A companion to Benjamin Bear in Fuzzy Thinking (2011), 27 more wise and witty minimalist fables drawn (with added dialogue and other minor changes) from French cartoonist Coudray’s original series.
Presented, mostly, in three to six cleanly drawn panels, each mini-tale features Benjamin (Barnabé in the original French) and one or more smaller animals interacting in outdoorsy settings. Most of the storytelling is visual, with just an occasional comment in a balloon, and many of the single-page episodes have an Aesopian flavor. In “Can I Get a Ride?” he picks up one woodland hitchhiker after another until, in the last panel, tables turn and they have to carry him. In “See-Saw,” he “helps” a fox carry a log (and demonstrates a principle of physics) not by lifting the long end, but by hopping onto the short end. In response to a rabbit’s philosophical proposition that you can’t make “Something out of Nothing,” he makes a hole and a pile of dirt: “TWO things!” In a deft comment on narcissism, Benjamin agrees to let the rabbit paint his portrait around the trunk of a tree—so that the image ends up staring at its own butt.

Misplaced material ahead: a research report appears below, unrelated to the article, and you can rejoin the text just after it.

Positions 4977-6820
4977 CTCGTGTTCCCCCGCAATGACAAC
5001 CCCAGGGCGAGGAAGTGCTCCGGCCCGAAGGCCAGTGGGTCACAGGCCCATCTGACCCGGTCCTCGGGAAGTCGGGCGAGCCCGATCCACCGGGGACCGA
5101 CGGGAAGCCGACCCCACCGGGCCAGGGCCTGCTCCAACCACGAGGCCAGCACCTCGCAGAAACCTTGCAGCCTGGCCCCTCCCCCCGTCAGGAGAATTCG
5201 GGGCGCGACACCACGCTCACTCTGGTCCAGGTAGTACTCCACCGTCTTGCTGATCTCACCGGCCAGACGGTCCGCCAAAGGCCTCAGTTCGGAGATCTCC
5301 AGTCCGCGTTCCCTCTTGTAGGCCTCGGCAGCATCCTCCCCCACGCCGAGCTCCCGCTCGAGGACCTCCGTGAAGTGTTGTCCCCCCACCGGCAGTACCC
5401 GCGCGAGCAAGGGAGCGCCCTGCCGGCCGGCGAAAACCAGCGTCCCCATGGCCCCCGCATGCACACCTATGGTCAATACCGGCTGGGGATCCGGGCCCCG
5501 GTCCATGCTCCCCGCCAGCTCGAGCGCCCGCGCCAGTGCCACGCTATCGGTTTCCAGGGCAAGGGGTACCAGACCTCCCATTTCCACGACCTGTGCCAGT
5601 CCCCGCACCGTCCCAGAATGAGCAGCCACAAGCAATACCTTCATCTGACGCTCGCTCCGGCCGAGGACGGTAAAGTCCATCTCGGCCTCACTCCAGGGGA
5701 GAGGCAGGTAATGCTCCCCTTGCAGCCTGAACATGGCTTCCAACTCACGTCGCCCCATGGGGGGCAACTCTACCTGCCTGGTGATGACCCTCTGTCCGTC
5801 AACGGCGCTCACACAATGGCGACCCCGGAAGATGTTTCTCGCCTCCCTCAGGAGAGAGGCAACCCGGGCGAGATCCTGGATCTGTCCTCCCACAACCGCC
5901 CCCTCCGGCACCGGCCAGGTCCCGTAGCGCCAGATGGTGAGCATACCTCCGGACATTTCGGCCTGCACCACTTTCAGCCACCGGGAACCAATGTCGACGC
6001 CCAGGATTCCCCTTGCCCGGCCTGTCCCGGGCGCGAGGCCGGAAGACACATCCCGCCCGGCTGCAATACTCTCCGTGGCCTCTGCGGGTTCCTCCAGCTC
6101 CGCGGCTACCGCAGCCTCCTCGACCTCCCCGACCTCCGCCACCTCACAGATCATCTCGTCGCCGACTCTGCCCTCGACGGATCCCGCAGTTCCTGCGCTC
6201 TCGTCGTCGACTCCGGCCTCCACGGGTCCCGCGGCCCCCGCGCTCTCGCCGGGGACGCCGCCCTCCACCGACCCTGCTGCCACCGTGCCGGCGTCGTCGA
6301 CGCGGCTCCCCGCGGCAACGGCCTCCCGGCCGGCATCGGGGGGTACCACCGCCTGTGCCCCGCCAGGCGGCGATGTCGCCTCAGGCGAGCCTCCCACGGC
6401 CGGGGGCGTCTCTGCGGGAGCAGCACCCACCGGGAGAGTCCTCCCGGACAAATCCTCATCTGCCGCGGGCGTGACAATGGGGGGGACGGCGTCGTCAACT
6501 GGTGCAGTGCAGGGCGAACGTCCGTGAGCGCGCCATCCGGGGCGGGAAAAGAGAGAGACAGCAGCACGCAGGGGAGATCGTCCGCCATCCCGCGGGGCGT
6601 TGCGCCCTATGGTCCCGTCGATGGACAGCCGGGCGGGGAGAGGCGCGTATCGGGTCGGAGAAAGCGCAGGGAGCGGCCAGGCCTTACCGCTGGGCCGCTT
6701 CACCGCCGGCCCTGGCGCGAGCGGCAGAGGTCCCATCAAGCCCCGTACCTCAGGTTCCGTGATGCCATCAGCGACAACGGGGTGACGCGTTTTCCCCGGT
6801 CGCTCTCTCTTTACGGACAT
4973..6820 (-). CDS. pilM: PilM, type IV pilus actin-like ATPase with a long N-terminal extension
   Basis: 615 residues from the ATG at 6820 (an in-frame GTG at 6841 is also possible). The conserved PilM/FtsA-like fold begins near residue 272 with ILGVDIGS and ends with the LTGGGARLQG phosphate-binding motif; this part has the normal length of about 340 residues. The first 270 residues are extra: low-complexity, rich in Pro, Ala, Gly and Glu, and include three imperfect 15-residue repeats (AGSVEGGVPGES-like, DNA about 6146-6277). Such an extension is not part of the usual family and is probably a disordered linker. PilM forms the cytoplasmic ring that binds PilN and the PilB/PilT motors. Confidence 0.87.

Emergent readers won’t be the only audience delighted by these winning combinations of humor and thought-provoking twists. (Graphic early reader. 4-6)